As the pursuit of knowledge and understanding, philosophy’s meaning has fascinated thinkers and scholars for centuries. Philosophy can be a difficult concept to grasp, and perhaps its true nature cannot be entirely comprehended. However, looking at some of the great philosophers and their definitions of philosophy may provide some insight into its essence.

From ancient Greek philosophers like Socrates and Plato to modern thinkers like Bertrand Russell and Ludwig Wittgenstein, philosophy has been defined in various ways. This blog post will explore some of these definitions and examples, and then delve into the purpose of philosophy as articulated by great thinkers.

Philosophy Meaning: The Search for Wisdom


One of the most well-known definitions of philosophy comes from the ancient Greek philosopher Socrates, who famously said that the unexamined life is not worth living. According to Socrates, philosophy is the pursuit of wisdom and understanding, and a life lived without questioning the world around us is devoid of richness and meaning.

Similarly, Plato, another ancient Greek philosopher and student of Socrates, defined philosophy as the “love of wisdom.” He believed that philosophy was the process of discovering the underlying reality behind appearances. In his Republic, he presents the story “Allegory of the cave” to illustrate our ignorance and the role of philosophy in escaping this ignorance to reach knowledge of the real world[^1^]. To learn more about Plato’s ideas, check out our post on The Philosophy of Plato: Ideas That Shaped the World.

Philosophy Meaning: The Art of Asking Questions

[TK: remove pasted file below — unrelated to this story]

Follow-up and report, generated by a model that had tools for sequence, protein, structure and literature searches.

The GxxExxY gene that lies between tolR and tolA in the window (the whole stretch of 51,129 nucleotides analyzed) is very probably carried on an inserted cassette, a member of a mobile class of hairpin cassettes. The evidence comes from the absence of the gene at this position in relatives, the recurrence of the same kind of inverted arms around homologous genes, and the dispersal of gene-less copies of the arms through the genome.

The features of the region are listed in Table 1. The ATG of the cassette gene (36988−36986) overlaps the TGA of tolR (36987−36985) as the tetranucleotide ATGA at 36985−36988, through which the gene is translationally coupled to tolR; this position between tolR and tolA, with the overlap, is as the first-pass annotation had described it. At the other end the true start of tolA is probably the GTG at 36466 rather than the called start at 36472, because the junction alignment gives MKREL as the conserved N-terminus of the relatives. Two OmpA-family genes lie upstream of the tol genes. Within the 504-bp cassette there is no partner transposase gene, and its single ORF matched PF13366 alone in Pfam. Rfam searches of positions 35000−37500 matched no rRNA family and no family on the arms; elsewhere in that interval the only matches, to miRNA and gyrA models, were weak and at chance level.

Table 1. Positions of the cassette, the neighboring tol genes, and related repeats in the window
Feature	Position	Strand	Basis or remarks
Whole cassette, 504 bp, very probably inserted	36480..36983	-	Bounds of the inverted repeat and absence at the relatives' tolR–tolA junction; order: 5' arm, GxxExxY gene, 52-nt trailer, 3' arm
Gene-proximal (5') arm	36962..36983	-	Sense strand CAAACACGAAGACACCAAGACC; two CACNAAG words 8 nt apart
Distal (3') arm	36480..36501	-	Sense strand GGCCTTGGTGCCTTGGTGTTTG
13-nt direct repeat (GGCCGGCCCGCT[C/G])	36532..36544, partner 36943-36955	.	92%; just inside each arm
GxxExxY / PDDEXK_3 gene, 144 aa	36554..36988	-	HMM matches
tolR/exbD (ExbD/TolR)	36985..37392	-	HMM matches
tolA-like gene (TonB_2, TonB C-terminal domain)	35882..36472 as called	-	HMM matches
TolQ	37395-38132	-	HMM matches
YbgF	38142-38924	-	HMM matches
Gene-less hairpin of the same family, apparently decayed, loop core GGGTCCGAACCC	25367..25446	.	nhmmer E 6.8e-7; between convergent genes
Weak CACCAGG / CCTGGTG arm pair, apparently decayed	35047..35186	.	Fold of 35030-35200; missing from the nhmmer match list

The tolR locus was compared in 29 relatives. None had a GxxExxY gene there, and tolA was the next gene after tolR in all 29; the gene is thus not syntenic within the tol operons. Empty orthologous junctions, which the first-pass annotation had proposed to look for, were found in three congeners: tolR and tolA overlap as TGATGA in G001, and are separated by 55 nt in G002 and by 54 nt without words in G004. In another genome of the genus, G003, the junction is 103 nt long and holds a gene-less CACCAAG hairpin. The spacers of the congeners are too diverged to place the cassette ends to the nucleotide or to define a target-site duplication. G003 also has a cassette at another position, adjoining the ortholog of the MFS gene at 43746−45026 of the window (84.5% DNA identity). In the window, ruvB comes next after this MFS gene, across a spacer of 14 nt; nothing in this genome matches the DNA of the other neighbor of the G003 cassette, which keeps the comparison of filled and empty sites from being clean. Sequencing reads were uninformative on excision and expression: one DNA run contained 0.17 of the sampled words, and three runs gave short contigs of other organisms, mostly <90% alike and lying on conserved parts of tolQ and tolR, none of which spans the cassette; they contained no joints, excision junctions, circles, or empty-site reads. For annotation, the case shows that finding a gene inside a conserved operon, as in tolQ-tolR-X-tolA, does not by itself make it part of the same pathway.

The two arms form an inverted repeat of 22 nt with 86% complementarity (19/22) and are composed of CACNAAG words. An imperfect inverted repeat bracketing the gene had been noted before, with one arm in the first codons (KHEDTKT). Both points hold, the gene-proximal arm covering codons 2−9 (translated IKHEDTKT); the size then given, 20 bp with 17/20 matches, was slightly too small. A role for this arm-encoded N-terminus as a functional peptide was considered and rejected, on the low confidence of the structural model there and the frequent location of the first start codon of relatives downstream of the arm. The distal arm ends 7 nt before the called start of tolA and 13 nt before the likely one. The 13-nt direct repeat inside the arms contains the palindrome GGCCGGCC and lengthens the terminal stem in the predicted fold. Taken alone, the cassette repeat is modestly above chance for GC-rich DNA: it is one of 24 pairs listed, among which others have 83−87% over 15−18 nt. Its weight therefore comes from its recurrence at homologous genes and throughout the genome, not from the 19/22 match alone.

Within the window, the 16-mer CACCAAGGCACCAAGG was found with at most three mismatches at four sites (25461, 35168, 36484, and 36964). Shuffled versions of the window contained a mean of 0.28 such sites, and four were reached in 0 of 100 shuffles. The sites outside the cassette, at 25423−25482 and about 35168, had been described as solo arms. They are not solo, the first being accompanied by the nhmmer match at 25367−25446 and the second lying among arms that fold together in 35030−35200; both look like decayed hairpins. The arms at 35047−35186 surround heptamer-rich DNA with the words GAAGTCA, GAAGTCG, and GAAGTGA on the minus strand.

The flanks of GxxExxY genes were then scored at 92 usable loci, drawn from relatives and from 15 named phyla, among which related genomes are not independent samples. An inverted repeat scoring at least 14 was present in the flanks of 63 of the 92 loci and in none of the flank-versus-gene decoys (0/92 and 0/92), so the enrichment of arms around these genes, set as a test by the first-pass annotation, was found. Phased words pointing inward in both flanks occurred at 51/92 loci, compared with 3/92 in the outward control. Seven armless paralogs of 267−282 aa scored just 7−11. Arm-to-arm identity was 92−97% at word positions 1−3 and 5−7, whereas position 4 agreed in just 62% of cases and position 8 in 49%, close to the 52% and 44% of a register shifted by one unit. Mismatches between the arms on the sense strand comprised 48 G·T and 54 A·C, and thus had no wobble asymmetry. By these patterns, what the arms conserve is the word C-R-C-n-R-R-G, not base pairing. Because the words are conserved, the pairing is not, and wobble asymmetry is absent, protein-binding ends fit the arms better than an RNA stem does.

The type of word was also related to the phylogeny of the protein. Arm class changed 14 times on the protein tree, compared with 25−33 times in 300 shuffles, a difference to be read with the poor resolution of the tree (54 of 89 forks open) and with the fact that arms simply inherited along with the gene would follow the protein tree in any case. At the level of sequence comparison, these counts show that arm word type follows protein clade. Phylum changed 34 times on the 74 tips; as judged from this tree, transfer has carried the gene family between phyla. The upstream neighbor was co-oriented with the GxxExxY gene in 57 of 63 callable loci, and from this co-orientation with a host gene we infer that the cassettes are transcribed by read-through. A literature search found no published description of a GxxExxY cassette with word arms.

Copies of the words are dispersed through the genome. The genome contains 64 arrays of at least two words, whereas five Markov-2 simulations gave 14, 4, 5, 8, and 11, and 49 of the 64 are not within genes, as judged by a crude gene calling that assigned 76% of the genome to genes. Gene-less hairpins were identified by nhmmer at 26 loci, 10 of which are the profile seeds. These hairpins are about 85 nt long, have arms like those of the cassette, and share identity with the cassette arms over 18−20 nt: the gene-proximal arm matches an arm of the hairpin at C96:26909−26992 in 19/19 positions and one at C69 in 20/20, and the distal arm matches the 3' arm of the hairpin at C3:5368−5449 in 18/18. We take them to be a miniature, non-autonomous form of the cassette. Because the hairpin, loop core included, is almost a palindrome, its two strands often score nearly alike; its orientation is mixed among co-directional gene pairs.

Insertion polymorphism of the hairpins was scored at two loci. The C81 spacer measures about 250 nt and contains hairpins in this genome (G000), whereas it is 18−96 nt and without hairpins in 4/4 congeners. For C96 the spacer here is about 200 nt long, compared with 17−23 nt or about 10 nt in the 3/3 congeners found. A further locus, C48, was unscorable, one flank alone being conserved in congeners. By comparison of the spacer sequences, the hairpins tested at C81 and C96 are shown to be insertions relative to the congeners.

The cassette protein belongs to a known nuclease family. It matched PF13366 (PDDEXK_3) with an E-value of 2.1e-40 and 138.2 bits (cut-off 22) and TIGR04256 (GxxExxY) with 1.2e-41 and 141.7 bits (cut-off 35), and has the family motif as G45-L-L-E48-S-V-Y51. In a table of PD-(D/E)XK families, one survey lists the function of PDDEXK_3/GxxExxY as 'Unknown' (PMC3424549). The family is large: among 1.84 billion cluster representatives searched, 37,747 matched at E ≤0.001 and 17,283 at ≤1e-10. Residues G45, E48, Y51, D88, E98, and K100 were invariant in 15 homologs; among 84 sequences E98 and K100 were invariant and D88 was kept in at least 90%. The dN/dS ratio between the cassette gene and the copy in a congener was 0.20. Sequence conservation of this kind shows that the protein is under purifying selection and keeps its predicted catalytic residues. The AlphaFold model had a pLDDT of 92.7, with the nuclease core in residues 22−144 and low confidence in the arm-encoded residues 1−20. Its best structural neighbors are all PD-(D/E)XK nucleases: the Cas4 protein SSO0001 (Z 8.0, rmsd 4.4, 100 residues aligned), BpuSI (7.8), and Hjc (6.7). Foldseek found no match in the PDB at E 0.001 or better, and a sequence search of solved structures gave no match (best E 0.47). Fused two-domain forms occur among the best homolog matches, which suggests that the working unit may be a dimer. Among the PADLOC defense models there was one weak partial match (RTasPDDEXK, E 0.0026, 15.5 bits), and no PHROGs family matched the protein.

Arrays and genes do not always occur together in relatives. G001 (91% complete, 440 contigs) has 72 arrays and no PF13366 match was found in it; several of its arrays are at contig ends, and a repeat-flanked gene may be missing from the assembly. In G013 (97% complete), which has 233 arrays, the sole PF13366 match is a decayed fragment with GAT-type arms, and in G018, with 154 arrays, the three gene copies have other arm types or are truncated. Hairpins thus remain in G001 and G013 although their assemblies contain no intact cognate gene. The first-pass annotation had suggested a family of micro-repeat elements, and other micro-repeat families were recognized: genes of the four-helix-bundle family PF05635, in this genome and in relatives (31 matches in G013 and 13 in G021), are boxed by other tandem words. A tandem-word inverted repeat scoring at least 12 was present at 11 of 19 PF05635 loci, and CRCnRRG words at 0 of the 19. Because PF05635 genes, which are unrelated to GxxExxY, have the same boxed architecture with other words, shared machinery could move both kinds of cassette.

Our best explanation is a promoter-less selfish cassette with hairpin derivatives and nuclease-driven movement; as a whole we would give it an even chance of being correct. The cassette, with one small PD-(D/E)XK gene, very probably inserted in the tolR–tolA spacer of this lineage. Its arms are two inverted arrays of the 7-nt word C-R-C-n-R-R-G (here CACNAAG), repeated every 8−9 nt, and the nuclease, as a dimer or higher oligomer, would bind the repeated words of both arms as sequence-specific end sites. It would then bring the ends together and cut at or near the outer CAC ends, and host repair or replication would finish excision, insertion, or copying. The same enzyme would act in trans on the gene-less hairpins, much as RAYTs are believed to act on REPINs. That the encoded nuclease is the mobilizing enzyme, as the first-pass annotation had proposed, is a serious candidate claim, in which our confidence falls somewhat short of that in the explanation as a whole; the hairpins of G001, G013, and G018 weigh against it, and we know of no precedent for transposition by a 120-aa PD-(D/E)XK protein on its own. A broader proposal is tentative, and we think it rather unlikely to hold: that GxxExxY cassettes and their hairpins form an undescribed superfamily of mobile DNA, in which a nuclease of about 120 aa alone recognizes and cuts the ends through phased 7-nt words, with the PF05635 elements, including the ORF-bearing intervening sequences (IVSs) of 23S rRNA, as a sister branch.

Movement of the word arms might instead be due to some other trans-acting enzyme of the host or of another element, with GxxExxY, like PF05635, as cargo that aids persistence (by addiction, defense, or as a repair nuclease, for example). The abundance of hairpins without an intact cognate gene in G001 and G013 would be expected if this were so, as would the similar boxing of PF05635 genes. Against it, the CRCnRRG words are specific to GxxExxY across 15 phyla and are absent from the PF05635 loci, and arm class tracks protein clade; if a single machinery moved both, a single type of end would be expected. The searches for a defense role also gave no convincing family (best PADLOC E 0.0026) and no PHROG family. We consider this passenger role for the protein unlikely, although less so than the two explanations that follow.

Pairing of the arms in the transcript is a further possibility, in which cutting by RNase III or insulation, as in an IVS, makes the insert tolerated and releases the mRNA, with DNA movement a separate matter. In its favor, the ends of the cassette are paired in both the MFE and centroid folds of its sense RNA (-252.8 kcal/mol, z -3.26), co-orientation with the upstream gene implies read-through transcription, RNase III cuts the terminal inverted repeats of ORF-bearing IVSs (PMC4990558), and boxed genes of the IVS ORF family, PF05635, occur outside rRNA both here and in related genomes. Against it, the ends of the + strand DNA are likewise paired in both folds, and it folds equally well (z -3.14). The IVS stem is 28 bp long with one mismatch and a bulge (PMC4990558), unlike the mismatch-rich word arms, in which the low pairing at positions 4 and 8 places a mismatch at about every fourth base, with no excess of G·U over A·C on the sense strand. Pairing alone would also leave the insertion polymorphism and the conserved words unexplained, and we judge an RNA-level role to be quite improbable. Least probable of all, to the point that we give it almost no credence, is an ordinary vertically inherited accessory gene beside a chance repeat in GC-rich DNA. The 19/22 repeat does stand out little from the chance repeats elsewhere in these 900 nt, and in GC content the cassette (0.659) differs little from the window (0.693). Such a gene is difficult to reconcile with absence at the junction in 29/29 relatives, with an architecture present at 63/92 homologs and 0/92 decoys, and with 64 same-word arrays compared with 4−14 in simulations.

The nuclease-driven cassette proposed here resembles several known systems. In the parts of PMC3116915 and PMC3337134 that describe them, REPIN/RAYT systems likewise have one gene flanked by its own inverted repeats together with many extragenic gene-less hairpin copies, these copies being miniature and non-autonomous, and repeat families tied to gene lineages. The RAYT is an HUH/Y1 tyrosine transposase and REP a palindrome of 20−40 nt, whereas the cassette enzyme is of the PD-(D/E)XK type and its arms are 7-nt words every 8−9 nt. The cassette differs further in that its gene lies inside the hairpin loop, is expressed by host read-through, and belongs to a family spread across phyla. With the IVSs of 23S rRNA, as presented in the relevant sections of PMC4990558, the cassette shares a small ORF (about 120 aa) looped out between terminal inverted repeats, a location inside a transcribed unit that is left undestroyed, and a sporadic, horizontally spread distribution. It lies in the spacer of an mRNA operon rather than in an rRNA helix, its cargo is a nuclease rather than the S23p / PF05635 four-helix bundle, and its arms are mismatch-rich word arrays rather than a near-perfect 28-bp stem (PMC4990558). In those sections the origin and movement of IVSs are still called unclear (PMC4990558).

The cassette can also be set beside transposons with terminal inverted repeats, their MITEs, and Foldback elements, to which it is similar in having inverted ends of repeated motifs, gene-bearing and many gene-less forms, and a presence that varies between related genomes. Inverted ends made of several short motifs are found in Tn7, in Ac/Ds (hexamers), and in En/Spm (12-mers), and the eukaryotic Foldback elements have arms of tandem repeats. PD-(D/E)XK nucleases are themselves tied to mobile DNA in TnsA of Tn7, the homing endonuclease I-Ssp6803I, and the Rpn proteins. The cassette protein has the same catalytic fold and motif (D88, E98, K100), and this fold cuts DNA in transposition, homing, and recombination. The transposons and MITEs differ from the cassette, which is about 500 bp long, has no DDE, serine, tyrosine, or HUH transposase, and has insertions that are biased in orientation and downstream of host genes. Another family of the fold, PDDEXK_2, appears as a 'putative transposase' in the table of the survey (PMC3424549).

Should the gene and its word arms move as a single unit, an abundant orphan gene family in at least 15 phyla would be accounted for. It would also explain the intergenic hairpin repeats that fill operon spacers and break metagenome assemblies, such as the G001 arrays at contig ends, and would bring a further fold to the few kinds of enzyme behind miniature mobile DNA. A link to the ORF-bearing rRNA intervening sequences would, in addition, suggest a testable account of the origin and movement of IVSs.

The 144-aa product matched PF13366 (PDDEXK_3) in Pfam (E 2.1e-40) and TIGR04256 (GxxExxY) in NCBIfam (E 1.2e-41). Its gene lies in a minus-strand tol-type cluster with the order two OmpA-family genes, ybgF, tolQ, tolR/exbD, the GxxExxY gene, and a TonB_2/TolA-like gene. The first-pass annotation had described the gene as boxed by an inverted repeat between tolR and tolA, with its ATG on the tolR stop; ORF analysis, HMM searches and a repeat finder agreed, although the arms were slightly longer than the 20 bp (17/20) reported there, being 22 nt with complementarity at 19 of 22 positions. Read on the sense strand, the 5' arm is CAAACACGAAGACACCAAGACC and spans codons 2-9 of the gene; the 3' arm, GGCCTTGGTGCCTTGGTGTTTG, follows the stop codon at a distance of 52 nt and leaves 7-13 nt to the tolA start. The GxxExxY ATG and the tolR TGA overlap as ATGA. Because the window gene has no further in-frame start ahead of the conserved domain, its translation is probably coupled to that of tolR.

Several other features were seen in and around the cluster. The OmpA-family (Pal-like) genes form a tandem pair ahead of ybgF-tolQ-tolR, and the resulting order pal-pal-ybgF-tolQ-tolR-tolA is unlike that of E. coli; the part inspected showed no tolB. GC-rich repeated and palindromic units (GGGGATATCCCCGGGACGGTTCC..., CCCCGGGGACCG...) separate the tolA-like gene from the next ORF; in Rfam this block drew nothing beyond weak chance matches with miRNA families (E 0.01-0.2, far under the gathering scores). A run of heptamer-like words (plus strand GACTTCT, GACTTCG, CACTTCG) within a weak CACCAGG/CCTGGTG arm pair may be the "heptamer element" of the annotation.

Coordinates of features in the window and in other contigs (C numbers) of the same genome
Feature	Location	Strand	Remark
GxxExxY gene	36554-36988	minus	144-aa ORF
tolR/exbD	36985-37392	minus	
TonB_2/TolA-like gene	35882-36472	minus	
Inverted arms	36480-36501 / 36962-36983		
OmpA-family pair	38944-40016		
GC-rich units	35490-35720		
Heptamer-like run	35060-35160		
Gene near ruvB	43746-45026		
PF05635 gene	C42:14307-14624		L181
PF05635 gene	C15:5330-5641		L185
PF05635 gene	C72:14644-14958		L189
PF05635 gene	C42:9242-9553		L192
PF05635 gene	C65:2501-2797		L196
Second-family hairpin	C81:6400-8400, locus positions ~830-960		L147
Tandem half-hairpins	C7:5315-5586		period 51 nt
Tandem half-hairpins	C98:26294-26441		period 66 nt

The French philosopher René Descartes is known for his famous quote “Cogito, ergo sum” or “I think, therefore I am”. Descartes believed that philosophy was a practice of asking questions and applying reason in order to seek answers. He demonstrated this idea through his Meditations on First Philosophy, where he used doubt as a tool to question and investigate the nature of reality and human knowledge[^2^].

Similarly, the 20th-century philosopher Bertrand Russell defined philosophy as the process of questioning and critically examining our most fundamental beliefs. He stated that the purpose of philosophy is to challenge our assumptions, investigate our beliefs, and promote critical thinking[^3^]. For a deeper understanding of the core questions in philosophy, read our article on Understanding the Core Questions in Philosophy.

Philosophy Meaning: A Systematic Inquiry

The German philosopher Immanuel Kant, known for his intricate system of knowledge and ethics, viewed philosophy as a systematic inquiry into concepts, principles, and knowledge. In his magnum opus, Critique of Pure Reason, Kant sought to establish the limits and conditions of human knowledge, arguing that we cannot know things as they are in themselves, but only as they appear to us[^4^].

In a similar vein, the Austrian philosopher Ludwig Wittgenstein proposed that the purpose of philosophy is to clarify our understanding of language and thought. In his influential work Philosophical Investigations, he asserted that philosophical problems arise through misunderstandings of how language functions, and that by untangling these misconceptions, we can gain clarity[^5^].

The Purpose of Philosophy: A Guiding Light

Throughout history, great thinkers have sought to understand the purpose of philosophy. While their definitions may vary, a common thread is that philosophy serves as a guiding light to help us overcome ignorance, develop critical thinking skills, and provide a framework for understanding the world around us.

As the British philosopher Alfred North Whitehead once said, “The task of philosophy is to recover the general truths which are implicit in the common sense of mankind, and to render them explicit and pure”[^6^]. By delving into different aspects of life, from ethics and metaphysics to epistemology and language, philosophy addresses the questions that have perplexed humans for centuries, providing a framework for understanding our place in the universe. To explore the history of philosophy, read our post on The Love of Wisdom: Tracing the History of Philosophy.

In conclusion, philosophy’s meaning and purpose continue to enthrall people all over the world. While the definitions offered by great thinkers may differ, they all emphasize the importance of questioning, exploring, and seeking to understand. In the words of the ancient Greek philosopher Socrates, “the only true wisdom is in knowing you know nothing.”


Leave a comment